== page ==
Again, the chemical that is released from the sympathetic nerve ending is called norepinephrine and it acts on the sympathetic receptors of other nerves, cells or organs. Sympathetic receptors can also be called adrenergic receptors. This is because the adrenal gland is also involved with the body’s response to stress.

There is an adrenal gland attached to the top of each kidney, and when these glands are stimulated they release norepinephrine and epinephrine, which circulates in the blood stream to the sympathetic or adrenergic receptors on other nerves, cells or organs to produce an effect. In fact, another name for the medication epinephrine is adrenaline.

Now we switch to the parasympathetic nerve endings where the chemical released is acetylcholine and it acts on the parasympathetic or cholinergic receptors on other nerves, cells or organs. Medicine often has two or more terms for the same thing, thus parasympathetic and cholinergic are equivalent.

Neurotransmitters and adrenergic receptors

Recall the epinephrine example above where we can introduce chemicals into the human body that act as neurotransmitters. These chemicals can be medications or poisons and will reach sympathetic or adrenergic receptors and cause sympathetic effects, or reach parasympathetic or cholinergic receptors and cause parasympathetic effects.

Outside chemicals that stimulate adrenergic receptors are called sympathomimetic because they mimic the sympathetic response of the sympathetic neurotransmitters norepinephrine and epinephrine.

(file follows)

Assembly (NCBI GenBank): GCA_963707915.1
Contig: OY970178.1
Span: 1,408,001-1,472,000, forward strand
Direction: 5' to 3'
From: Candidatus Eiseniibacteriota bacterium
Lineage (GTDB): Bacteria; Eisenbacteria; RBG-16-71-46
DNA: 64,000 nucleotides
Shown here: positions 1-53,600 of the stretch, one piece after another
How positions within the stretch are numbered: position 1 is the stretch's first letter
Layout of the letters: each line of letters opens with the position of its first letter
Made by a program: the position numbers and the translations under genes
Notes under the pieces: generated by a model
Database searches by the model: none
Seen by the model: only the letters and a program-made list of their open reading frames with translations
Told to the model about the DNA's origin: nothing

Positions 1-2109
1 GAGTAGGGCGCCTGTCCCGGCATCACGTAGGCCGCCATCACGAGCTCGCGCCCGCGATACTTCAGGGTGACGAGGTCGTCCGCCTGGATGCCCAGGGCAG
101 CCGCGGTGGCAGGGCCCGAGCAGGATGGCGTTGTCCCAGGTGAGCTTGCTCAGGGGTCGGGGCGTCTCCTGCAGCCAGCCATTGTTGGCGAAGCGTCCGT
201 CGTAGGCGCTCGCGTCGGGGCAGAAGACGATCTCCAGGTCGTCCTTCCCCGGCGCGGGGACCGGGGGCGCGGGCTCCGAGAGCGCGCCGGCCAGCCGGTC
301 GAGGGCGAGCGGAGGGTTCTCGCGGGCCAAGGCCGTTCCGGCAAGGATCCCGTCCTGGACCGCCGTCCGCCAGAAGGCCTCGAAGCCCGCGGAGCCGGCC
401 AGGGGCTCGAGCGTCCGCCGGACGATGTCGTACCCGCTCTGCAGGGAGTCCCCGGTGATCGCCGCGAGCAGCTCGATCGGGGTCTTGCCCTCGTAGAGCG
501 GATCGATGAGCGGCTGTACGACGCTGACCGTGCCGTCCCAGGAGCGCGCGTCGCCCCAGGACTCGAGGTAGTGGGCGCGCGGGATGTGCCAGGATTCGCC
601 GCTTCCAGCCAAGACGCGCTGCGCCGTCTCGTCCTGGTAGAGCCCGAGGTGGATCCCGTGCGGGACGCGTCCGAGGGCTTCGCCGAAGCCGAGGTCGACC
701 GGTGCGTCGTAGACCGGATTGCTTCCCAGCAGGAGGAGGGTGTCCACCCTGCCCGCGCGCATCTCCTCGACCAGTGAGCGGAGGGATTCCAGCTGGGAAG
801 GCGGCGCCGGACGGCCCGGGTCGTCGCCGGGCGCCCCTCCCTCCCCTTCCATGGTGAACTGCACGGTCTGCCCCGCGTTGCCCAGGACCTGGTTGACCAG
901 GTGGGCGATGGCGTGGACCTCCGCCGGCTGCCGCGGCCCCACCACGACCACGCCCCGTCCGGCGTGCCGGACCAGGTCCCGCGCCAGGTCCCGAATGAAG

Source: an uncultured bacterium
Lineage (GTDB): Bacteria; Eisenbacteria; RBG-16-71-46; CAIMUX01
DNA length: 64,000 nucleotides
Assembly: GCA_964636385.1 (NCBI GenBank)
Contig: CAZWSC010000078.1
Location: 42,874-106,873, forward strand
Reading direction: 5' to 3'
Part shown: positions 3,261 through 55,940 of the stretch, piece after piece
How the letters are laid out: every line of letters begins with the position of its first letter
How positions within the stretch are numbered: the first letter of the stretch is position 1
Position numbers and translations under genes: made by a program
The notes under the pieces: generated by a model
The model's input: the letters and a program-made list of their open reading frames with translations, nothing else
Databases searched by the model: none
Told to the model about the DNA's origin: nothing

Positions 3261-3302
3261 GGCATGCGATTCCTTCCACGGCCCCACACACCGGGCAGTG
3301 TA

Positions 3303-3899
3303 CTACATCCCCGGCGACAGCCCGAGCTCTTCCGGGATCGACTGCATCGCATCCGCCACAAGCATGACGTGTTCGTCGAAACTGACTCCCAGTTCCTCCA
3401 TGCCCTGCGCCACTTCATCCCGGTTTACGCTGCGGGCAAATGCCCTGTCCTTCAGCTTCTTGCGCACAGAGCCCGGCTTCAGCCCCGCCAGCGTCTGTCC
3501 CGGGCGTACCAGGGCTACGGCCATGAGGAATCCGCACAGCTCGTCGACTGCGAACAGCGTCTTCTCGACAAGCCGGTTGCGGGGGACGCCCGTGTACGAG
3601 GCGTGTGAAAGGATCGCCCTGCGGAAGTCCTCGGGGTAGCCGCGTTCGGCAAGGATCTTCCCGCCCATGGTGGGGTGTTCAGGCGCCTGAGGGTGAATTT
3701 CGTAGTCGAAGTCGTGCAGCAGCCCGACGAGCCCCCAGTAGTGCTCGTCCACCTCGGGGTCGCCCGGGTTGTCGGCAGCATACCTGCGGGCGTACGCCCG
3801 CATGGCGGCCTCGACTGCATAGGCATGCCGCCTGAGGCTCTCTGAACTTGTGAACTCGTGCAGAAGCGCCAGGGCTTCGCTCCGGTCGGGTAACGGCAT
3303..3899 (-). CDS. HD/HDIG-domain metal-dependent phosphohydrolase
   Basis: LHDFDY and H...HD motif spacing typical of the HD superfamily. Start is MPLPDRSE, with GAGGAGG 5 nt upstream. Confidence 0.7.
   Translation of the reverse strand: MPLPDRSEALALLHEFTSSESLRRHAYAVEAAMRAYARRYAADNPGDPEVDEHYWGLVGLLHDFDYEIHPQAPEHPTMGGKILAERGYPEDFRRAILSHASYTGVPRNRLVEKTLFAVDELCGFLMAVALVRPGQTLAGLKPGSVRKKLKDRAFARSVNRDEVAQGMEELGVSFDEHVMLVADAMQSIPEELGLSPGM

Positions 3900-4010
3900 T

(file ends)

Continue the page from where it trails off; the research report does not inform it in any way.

The sympathomimetics can also be called sympathetic agonists. Thus the terms sympathomimetic and sympathetic agonist are interchangeable. Medicine would be much easier if we would just use one name for things!

Now the reverse – if the chemicals block adrenergic receptors, also called sympathetic receptors and thus blocks sympathetic activity, they are called sympatholytic because they lyse or break the sympathetic response. And of course they have other names: sympathetic antagonist and sympathetic blocker. So, the terms sympatholytic, sympathetic antagonist and sympathetic blocker are also interchangeable.

Now, for the parasympathetic side of the autonomic nervous system. Outside chemicals, that is medications or poisons that stimulate parasympathetic or cholinergic receptors are called parasympathomimetics because they mimic the parasympathetic response caused by the neurotransmitter acetylcholine. They can also be called parasympathetic agonists. Note the parallel with the sympathetic nervous system terms.

If the chemicals block parasympathetic receptors and thus block parasympathetic activity, they are called parasympatholytic because they lyse or break the parasympathetic activity. Again, we can also call these chemicals parasympathetic antagonists or parasympathetic blockers.

Understanding how the ANS works will help you understand the body’s normal response to stress or lack of stress, as well as how certain medications and poisons can affect your patient.

This article, originally posted Sept. 9, 2010, has been updated